“I Albert Doumar,” the proclamation I begins, “come from a royal family in the world of ice cream. We Doumars proudly claim title of creators of the ice cream cone …”
These are deep and treacherous waters; the ice-cream cone is part of the great trinity of American delicacies, and as with the hot dog and the hamburger, its paternity is the object of many conflicting claims. But Al Doumar can ratify his family’s ice-cream aristocracy with an impressive mechanical credential, and he is busy working it next to the scrapbook that opens with his proclamation. It is the simple but ingenious ice-cream cone maker that his uncle Abe invented and put into service in 1905.
In a long, low oven four waffle irons centered over four gas rings sit side by side on parallel tracks. Each iron can pivot over the flame; each can be slid out and opened. Doumar demonstrates the whole process, effortlessly, four times a minute.
The iron to the far left has been over the fire long enough; he pulls it out on its track, lifts up the top, wraps the still-soft waffle around a tapered wooden shaper, and drops it into a cooling rack. Then he ladles up a couple of ounces of batter and dollops it onto the vacated iron (“Grandma’s Teflon,” he says—“nothing sticks to cast iron once it’s seasoned”) and slides it back over the flame. He repeats the process, up and down the line, flipping the irons halfway through the cooking, calmly reminiscing all the while.
“My uncle Abe came over here from Lebanon, and he was part of the Ancient City of Jerusalem show at the St. Louis world’s fair. But that shut down at six, so he’d go over and work a few hours at a food stand making waffles. He got the idea of rolling them into cones, and by the time the fair was over he’d thought up this machine.”
A machinist in Hoboken, New Jersey, built it for him, of iron and brass. “But I took all the brass off or painted it black. Otherwise you spend your life polishing brass.” There’s only a glint left here and there on the slides. “He set it up in a booth on Coney Island, on the Bowery right near Steeplechase Park. He had three partners; listen to their names—Zagbini, Hawaini, and Ganim.” Ganim bought them all out at the end of the summer, and Abe Doumar took his machine south, working the state fairs, ending up in Florida at season’s end, and eventually leaving behind a string of family-run ice-cream stands. There was plenty of family to run them: Abe had twelve siblings.
Al Doumar’s father eventually took charge of a concession at Norfolk’s great amusement resort, Ocean View Park. The four-iron cone maker had long been superseded by an all-electric prodigy that pumped the batter and spat out the finished cones. On his best day ever, in 1925, he sold 22,600 ice-cream cones.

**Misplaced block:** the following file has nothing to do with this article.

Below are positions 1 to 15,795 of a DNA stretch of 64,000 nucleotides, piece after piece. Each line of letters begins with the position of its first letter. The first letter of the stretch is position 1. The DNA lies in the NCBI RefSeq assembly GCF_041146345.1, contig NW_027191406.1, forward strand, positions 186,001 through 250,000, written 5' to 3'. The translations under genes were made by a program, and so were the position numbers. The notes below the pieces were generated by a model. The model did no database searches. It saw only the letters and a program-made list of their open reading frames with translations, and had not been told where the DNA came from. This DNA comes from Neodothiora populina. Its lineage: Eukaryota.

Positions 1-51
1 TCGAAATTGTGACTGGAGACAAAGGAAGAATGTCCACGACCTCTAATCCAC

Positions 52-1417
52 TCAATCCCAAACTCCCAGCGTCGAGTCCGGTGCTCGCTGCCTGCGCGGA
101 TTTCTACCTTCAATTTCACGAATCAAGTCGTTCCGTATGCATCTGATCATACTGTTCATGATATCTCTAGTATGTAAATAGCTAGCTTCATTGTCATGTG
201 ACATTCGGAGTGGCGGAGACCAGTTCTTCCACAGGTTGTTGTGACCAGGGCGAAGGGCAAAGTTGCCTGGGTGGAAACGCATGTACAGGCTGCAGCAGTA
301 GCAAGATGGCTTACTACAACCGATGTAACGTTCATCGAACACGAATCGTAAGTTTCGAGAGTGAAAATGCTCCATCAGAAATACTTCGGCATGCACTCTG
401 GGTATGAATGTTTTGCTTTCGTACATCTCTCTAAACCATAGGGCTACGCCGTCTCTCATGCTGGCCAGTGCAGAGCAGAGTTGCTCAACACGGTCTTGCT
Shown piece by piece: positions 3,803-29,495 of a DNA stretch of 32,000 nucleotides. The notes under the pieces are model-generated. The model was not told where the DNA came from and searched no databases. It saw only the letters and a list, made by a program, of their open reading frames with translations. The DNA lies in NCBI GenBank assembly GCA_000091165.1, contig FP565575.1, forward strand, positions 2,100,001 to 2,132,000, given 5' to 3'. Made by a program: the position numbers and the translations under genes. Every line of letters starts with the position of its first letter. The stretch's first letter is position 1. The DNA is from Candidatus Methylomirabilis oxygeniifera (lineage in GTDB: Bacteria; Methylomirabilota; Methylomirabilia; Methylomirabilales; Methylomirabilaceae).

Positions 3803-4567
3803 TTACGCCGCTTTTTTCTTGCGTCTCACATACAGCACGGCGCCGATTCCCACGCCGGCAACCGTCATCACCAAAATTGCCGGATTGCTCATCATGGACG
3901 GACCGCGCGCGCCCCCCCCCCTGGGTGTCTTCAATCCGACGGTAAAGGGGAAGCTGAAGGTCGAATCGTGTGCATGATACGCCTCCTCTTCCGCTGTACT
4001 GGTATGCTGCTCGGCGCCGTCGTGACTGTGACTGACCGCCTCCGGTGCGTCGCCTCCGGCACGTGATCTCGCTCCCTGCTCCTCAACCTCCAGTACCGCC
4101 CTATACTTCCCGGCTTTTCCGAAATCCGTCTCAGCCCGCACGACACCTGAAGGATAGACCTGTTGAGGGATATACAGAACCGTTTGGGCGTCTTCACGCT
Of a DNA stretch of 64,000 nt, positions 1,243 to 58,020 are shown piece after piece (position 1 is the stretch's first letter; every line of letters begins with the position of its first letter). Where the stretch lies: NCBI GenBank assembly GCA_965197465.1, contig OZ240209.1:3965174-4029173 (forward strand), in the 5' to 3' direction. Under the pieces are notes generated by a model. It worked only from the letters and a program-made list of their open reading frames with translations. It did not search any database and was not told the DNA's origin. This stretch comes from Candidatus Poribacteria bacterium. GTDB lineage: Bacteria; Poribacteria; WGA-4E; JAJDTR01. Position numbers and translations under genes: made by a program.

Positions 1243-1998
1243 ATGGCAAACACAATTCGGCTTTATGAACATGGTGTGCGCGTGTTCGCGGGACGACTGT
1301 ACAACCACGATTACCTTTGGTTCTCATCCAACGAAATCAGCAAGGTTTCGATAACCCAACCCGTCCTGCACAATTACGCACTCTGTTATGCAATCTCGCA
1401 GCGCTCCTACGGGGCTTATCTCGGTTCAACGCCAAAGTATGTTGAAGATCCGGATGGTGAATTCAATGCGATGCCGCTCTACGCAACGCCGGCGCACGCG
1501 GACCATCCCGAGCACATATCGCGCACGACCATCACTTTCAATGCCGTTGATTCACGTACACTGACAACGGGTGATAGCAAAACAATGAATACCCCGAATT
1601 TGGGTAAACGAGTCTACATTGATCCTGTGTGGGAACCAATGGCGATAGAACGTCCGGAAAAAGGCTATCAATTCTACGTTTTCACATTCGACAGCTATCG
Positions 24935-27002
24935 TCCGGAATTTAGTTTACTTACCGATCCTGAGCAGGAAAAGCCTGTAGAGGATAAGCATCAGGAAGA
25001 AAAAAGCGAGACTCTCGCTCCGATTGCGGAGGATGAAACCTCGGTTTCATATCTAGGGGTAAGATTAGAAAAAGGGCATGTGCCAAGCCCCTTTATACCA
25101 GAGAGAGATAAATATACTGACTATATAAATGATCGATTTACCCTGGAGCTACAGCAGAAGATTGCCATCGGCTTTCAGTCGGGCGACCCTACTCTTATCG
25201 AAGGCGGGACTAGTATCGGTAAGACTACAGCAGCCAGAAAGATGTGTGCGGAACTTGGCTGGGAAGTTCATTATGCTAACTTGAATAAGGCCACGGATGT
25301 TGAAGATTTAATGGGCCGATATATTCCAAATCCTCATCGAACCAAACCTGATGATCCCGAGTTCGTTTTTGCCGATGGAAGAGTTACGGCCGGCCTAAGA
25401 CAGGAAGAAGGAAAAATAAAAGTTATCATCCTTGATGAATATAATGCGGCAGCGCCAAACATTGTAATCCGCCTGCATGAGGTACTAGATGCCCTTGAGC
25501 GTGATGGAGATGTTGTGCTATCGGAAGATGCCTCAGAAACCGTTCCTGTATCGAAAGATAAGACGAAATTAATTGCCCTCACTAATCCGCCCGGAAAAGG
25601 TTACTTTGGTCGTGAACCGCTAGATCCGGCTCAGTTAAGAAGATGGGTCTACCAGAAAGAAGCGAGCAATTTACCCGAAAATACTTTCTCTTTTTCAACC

The 1933 hurricane put an end to that, and the family moved inland to found Doumar’s, selling ice-cream cones, of course, and—the Doumars are an adaptable clan—barbecue. “The North Carolina kind,” says Al Doumar, “that’s made with vinegar.”
In 1958 McDonald’s came to Norfolk. The barbecue joints began to fold. Al Doumar fought back; he brought his old four-iron cone maker out of storage and set it up on the sidewalk in front of his shop. It was a crowd pleaser, and it saved the day; right now he has thirty-five employees.
It’s still a crowd pleaser, and today the crowd it’s pleasing is in the Plaza Hotel, a superb Manhattan hostelry built two years after the cone maker. The machine has been brought north for a visit by the Department of Development of Norfolk (“Where Business Is a Pleasure”), which is putting on a luncheon reception. Ice-cream cones for dessert.
“Well, that’s about four hundred so far,” says Al Doumar. “I used to make all the cones, and then one day my father said, ‘Al, it’s your job to supervise. Go supervise.’” Slide, turn, open. “So I did, and after a while my hands were hurting, and the doctor told me it’s carpal tunnel syndrome, and they have to operate on it. Well, I put that off, and then one of my kids went on vacation, and I started running the machine again, and it went away. As long as I make cones, I won’t need an operation.”
Slide, turn, open. Someone asks how often the machine is in use. “Three hundred and sixty-five days a year. No, I’m sorry, that’s not true. I don’t work Sundays.”
Beneath the richly molded ceiling of the Plaza’s grand ballroom, the stacks of cones mount up. By now their aroma has filled every corner of the immense hotel, very faint, but sweetly compelling enough to make clear how despite all the riotous distractions of Coney’s old Bowery—the beer halls, the shooting galleries, the urgent, rushing clatter of the coasters—it could draw crowds enough to build a good living for Abe Doumar and all his sisters and brothers.